Danielle Brown – Department of Ecology, Evolution and Natural Resources
The bee population is dying. Researchers have created first global map of the species to save them.
Rachel Winfree, Department of Ecology, Evolution and Natural Resources
Lanternfly migration could mean trouble for New Jersey
Cesar Rodriguez-Saona, Department of Plant Biology
Jenny Carleo, Department of Agriculture and Natural Resources
The short, sweet Jersey strawberry season arrives early
NJAES – Rutgers Scarlet strawberry
Why food processing is key to reviving manufacturing in South Jersey
Rutgers Food Innovation Center
A boost for a new S.J. industry, a barrier to abuse of wildlife
Haskin Shellfish Research Lab – Department of Marine and Coastal Sciences
Farmers try new strawberry variety for better flavor, better sales
Strawberry season is short and sweet in South Jersey. But this year could be one of the sweetest… “We wanted to develop a better-tasting strawberry, so we concentrated on flavor above all else,” said Bill Hlubik, professor and agricultural agent with Rutgers Cooperative Extension, part of the team of scientists that spent the last 10 to 12 years developing the new variety of strawberry.
How honeybees drive a $15 billion industry
The buzz of a bee as it circles around you might make you want to swat it. But unless you’re willing to live without one-third of the foods you love, you should resist the urge to squish the insect… “Since 2009, two years after Colony Collapse Disorder was identified as a major cause of bee deaths, 400 hobbyist beekeepers have taken courses in Cape May County,” said Jenny Carleo, agricultural and resource management agent with the Rutgers New Jersey Agricultural Experiment Station in Cape May Court House.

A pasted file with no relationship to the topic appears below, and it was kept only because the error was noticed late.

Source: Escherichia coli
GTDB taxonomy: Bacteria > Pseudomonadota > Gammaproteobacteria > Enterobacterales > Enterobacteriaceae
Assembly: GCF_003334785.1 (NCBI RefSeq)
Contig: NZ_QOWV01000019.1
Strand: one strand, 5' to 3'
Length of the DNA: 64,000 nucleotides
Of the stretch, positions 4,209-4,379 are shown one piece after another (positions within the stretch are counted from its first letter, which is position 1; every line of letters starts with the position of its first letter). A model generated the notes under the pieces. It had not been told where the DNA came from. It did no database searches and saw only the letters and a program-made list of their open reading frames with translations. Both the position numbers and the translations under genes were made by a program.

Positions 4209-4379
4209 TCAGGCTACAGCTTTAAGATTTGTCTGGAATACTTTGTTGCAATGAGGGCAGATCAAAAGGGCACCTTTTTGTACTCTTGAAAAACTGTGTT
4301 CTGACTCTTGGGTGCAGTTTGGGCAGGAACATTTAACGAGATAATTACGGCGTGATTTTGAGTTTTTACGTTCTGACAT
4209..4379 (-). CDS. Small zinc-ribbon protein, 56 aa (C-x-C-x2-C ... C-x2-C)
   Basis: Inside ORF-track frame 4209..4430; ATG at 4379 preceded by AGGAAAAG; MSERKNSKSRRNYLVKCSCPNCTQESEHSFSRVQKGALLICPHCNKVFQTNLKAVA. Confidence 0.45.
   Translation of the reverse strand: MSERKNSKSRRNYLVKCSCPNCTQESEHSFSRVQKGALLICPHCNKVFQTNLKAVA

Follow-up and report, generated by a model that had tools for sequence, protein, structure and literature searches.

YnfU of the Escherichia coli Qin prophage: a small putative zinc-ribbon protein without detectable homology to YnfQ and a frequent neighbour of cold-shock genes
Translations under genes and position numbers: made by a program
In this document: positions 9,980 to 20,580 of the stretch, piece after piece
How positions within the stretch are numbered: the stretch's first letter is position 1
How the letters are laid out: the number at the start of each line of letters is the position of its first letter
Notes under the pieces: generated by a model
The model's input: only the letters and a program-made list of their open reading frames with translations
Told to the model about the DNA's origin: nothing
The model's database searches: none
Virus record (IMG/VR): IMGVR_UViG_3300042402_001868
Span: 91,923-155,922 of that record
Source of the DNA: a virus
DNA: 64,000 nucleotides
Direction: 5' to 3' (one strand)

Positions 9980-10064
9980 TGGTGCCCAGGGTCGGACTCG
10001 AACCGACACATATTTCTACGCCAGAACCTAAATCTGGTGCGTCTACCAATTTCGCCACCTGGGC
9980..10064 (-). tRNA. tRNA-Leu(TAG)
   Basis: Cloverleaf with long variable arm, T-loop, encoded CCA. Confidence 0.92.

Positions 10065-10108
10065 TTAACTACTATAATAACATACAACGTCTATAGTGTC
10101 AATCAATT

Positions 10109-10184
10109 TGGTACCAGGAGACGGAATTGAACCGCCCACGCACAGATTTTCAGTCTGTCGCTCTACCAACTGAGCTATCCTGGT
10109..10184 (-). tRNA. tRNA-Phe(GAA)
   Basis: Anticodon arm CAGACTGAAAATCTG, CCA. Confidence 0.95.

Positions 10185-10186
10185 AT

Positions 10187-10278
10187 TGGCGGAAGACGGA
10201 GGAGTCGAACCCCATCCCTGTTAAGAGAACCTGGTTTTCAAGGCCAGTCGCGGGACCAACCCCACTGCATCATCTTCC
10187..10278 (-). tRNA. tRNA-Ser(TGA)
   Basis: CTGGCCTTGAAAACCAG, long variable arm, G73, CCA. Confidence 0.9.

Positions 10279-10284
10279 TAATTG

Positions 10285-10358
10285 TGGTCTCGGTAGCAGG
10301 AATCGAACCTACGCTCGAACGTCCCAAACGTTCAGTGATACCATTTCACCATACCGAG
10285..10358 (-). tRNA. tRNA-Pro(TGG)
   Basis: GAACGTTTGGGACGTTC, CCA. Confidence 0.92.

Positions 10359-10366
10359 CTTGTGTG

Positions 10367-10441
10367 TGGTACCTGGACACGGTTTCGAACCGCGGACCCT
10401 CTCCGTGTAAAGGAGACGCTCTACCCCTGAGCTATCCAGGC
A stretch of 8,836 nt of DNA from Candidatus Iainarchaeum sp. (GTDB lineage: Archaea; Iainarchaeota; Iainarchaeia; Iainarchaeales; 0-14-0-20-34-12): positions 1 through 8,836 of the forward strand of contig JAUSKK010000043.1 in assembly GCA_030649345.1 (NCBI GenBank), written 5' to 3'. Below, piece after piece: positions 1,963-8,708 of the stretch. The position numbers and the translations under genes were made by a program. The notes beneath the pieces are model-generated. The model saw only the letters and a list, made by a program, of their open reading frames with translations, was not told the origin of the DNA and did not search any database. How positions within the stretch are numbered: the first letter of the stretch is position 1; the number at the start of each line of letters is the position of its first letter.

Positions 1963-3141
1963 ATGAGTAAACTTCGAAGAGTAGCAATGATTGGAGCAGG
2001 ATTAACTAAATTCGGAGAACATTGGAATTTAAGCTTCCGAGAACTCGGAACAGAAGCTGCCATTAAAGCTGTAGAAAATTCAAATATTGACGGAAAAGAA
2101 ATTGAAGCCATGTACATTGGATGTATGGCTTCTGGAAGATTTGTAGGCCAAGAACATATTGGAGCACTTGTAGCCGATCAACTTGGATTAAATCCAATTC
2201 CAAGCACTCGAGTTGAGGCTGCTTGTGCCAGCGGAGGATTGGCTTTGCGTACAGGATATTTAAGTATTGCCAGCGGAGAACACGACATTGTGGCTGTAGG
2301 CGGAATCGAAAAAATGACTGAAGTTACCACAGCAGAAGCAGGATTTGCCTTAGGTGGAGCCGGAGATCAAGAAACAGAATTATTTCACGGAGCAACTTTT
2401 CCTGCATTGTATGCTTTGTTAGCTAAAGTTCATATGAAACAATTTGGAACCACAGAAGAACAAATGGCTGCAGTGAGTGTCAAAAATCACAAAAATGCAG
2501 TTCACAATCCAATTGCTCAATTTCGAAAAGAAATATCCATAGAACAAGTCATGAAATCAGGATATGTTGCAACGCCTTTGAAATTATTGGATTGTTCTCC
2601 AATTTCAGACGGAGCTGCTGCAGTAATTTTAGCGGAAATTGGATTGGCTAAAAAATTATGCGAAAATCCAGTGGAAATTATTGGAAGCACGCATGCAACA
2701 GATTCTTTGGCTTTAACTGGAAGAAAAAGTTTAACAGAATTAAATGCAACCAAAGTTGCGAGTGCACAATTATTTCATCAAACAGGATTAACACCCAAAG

Starting a food business? Rutgers incubator can help
Patrick Leger stood in a processing room at Rutgers Food Innovation Center on Friday, watching as an assembly line of bottles were filled with pure strained tomatoes, First Field’s latest product… “They need a place to go,” said Lou Cooperhouse, the center’s director. “Our job is to find a pathway for them to go after they leave our facility.”
Why your big house and fancy lawn are harming N.J.’s water
The best water comes from the ground. The worst comes off the ground. The difference in water quality is largely determined by how a town manages stormwater runoff, and impervious surfaces – which don’t allow water to pass to the soil – play a major part in that… “Once you get beyond 10 percent impervious surface, water quality deteriorates,” said Chris Obropta, 53, specialist in water resources with the Rutgers Cooperative Extension. “Once you get beyond 25 percent, waterways become nonsupportive.”